Only a few private clinics in the UK offer Acupuncture during your IVF treatments and to my knowledge there is no NHS coverage, however its more common in European clinics. In April 2002 Wolfgang E. Paulus, M.D released a small prospective randomized study using a standardised acupuncture protocol in the Journal Fertility and Sterility by American Society for Reproductive Medicine, the full text can be found here.
The study took 160 patients who were undergoing Assisted Reproductive Technology (ART) and who had good quality embryos. They were divided into two groups through random selection: embryo transfer with acupuncture (80) and embryo transfer without acupuncture (80). The breakdown of the participants are; 160 healthy women (age ranged from 21 to 43) undergoing treatment with in vitro fertilization (IVF; n 101) or intracytoplasmic sperm injection (ICSI; n 59) were recruited into the study.
Clinical pregnancies were documented in 34 of 80 patients (42.5%) in the acupuncture group, whereas pregnancy rate was only 26.3% (21 out of 80 patients) in the control group.
Each patient in the experimental group received an acupuncture treatment 25 minutes before and after embryo transfer. Sterile disposable stainless steel needles (0.25 25 mm) were inserted in acupuncture point locations. Needle reaction (soreness, numbness, or distension around the point, know as Deqi sensation) occurred during the initial insertion. After 10 minutes, the needles were rotated in order to maintain de qi sensation. The needles were left in position for 25 minutes and then removed. The depth of needle insertion was about 10 to 20 mm, depending on the region of the body undergoing treatment.
Before embryo transfer, the following locations were used:
Neiguan – PC6/Inner Pass
Diji – Sp8/Earth’s Crux
Taichong – Liv3/Great Surge
Baihui – Du Mai 20/Hundred meetings
Guilai – St29/Return
Right Ear – 55 (Shenmen/Spirit Gate)
Right Ear – 58 (Zhigong/Uterus)
Left Ear – 22 (Neifenmi/Endocrine zone)
Left Ear – 34 (Naodian/Subcortex)
After embryo transfer, the needles were inserted at the following points:
Zusanli – ST36/Three Leg Miles
Sanyinjiao – Sp6/Three Yin Intersection
Xuehai – Sp10/Sea of Blood
Hegu – LI4/Union Valley
Left Ear – 55 (Shenmen/Spirit Gate)
Left Ear – 58 (Zhigong/Uterus)
Right Ear -22 (Neifenmi/Endocrine zone)
Right Ear – 34 (Naodian/Subcortex)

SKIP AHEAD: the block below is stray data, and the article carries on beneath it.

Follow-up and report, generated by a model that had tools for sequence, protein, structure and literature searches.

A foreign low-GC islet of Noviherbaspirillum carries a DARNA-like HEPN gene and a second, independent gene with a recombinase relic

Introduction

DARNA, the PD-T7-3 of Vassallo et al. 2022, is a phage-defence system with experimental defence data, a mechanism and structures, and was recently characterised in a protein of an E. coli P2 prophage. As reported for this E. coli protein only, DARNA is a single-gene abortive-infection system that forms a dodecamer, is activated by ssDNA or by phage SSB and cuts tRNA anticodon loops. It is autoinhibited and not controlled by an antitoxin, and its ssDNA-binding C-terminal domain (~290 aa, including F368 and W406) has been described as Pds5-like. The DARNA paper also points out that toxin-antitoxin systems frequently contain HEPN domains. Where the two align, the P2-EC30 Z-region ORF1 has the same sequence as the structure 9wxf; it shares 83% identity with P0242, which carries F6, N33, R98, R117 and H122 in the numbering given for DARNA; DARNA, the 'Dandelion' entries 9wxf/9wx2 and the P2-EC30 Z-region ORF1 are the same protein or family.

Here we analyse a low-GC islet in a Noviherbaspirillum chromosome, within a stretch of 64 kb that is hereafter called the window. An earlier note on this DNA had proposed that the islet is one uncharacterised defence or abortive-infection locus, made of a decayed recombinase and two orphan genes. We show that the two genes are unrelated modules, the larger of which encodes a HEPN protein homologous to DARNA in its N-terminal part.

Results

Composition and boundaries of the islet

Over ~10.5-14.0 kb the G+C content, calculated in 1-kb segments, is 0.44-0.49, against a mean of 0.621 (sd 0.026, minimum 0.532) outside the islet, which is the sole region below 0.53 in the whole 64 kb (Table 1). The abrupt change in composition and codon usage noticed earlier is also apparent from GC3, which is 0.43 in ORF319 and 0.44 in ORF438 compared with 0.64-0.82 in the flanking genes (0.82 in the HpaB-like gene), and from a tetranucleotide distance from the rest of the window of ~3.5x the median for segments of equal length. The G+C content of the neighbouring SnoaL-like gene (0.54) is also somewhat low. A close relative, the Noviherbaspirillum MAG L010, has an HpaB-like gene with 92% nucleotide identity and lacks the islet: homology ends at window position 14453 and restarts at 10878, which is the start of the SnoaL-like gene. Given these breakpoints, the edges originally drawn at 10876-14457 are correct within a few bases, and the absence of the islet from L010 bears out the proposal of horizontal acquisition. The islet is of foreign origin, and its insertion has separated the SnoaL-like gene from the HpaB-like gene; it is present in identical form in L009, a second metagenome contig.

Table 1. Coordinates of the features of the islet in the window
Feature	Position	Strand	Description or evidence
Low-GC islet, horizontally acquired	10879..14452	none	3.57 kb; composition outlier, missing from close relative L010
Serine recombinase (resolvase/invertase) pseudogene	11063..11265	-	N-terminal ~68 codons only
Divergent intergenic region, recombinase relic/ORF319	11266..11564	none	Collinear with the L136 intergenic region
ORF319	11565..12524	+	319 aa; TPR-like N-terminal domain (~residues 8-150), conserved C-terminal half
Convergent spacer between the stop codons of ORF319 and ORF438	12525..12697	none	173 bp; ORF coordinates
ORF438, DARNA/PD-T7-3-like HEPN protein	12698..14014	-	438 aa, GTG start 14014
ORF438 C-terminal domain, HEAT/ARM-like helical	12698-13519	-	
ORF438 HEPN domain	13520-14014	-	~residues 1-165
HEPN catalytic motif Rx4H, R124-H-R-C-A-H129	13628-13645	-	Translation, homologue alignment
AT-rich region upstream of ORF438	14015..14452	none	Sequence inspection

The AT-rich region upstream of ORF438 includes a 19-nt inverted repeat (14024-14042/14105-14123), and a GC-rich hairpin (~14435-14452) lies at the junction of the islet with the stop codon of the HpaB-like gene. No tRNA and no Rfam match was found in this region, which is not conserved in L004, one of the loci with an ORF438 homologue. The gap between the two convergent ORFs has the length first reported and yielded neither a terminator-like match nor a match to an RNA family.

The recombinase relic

The Acupuncture points chosen, according to the principles of Traditional Chinese Medicine (TCM), are used to relax the uterus, invigorate Xue (blood) and Qi (energy) to the uterus and hormonal system and relax the spirit. The needles were stimulated to give some of the characteristic sensations of traditional Chinese acupuncture (DeQi).
The study used acupuncture 25 minutes before the IVF procedure and then immediately afterwards.
In the real world this would be nearly impossible as very few clinics will allow an independent practitioners in their clinic due to insurance reasons and as previously stated very few clinics in the UK have acupuncturists on staff. Many believe it is just as effective to do the procedures on the morning of the treatment and then as soon after as is possible but this has not be tested.
There are relatively few studies regarding Acupuncture for IVF so its refreshing to see a good quality study being conducted, the only real criticism is there was no placebo control, but in Acupuncture research the idea of a placebo can be argued both ways. This study had plenty of participants and as the same acupuncturist was used with all the subjects it removes any practitioner variables.
More research is always needed, I have never read a medical RCT (randomized control trial) which did not say that, but research generally requires funding which is short on the ground in the Acupuncture world, but I look forward to (hopefully) seeing more on this protocol and the area of Acupuncture for IVF and reproductive technologies.
If you would like to discuss having this treatment please contact me.